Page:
Of this sum there was appropriated to May's bond $5027.15, and to Oelrichs's, $5030.81.
May and Oelrichs appealed, and the case is now before this court for final adjudication.
It has been insisted by the counsel for the appellants that there is a complete remedy at law, and that the bill must, therefore, be dismissed. Such must be the consequence if the objection is well taken. In the jurisprudence of the United States this objection is regarded as jurisdictional, and may be enforced by the court suâ sponte, though not raised by the pleadings nor suggested by counsel.
Parker v. Winnipissiogee Company, 2 Black, 551; Graves v. Boston Company, 2 Cranch, 419; Fowle v. Laurdson, 5 Peters, 495; Dade v. Irwine, 2 Howard, 383.
The 16th section of the Judiciary Act of 1789 provides, "that suits in equity shall not be sustained in any case where plain, adequate, and complete remedy can be had at law;" but this is merely declaratory of the pre-existing rule, and does not apply where the remedy is not "plain, adequate, and complete;" or, in other words, "where it is not as practical and efficient to the ends of justice and to its prompt administration, as the remedy in equity."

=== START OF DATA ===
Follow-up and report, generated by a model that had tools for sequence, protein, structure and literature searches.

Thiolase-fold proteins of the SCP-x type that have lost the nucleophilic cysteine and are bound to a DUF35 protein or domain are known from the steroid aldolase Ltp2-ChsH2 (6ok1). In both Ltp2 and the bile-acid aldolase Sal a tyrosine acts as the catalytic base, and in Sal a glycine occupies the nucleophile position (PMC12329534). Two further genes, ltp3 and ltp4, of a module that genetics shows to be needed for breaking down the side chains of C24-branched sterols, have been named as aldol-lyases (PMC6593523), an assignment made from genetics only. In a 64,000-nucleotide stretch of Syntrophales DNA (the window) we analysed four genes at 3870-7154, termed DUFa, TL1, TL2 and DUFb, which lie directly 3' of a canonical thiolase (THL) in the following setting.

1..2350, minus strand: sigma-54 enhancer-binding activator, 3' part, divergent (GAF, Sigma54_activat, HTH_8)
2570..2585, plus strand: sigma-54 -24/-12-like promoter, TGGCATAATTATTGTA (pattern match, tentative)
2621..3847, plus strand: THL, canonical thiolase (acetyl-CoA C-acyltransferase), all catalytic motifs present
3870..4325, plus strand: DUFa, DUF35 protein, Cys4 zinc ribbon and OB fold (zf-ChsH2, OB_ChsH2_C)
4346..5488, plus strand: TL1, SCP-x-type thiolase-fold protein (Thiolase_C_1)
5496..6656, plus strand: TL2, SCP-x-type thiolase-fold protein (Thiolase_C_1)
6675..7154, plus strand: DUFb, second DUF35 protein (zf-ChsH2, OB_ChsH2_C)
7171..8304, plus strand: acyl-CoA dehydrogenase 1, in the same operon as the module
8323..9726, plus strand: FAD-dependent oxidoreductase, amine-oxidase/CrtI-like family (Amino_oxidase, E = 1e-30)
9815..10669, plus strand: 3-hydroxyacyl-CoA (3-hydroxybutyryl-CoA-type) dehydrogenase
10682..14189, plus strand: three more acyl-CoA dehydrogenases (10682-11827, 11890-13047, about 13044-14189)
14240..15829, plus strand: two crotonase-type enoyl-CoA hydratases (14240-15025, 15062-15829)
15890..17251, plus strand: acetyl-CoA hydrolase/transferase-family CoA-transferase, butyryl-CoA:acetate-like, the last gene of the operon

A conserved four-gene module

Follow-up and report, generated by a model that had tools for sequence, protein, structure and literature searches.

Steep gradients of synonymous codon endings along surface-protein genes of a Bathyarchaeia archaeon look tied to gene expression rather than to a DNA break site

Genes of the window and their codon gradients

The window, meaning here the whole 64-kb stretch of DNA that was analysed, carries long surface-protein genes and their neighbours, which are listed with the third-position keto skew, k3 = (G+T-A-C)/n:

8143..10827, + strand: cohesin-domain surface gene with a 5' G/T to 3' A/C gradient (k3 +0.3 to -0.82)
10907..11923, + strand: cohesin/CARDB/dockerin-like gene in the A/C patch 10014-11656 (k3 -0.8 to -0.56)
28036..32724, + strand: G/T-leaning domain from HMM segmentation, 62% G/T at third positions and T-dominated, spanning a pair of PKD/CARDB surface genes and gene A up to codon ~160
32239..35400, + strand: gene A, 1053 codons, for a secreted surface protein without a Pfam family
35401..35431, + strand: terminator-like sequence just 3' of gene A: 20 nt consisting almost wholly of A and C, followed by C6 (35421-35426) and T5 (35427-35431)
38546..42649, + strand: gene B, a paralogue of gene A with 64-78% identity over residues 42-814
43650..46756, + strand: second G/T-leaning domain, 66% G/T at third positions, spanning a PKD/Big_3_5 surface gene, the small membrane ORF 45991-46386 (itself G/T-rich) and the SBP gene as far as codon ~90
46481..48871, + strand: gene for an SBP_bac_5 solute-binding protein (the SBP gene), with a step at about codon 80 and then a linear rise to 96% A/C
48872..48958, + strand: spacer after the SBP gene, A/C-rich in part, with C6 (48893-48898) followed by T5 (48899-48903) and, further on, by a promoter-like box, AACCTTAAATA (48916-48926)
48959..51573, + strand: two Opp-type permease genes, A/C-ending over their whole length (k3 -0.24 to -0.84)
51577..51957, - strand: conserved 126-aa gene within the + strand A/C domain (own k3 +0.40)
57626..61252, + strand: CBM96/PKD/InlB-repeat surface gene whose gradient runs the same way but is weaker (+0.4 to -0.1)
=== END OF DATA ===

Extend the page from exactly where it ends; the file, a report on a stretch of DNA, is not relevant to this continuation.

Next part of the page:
Boyce v. Grundy, 3 Peters, 215.
Hipp v. Baben, 19 Howard, 278.
But this principle has no application to the case before us. Upon looking into the record it is clear to our minds, not only that the remedy at law would not be as effectual as the remedy in equity, but we do not see that there is any effectual remedy at all at law. If the injunction bonds were sued upon at law, and judgments recovered, a proceeding in equity would still be necessary to settle the respective rights of the several obligees to the proceeds. The direct proceeding in equity will save time, expense, and a multiplicity of suits, and settle finally the rights of all concerned in one litigation. Besides, there is an element of trust in the case, which, wherever it exists, always confers jurisdiction in equity.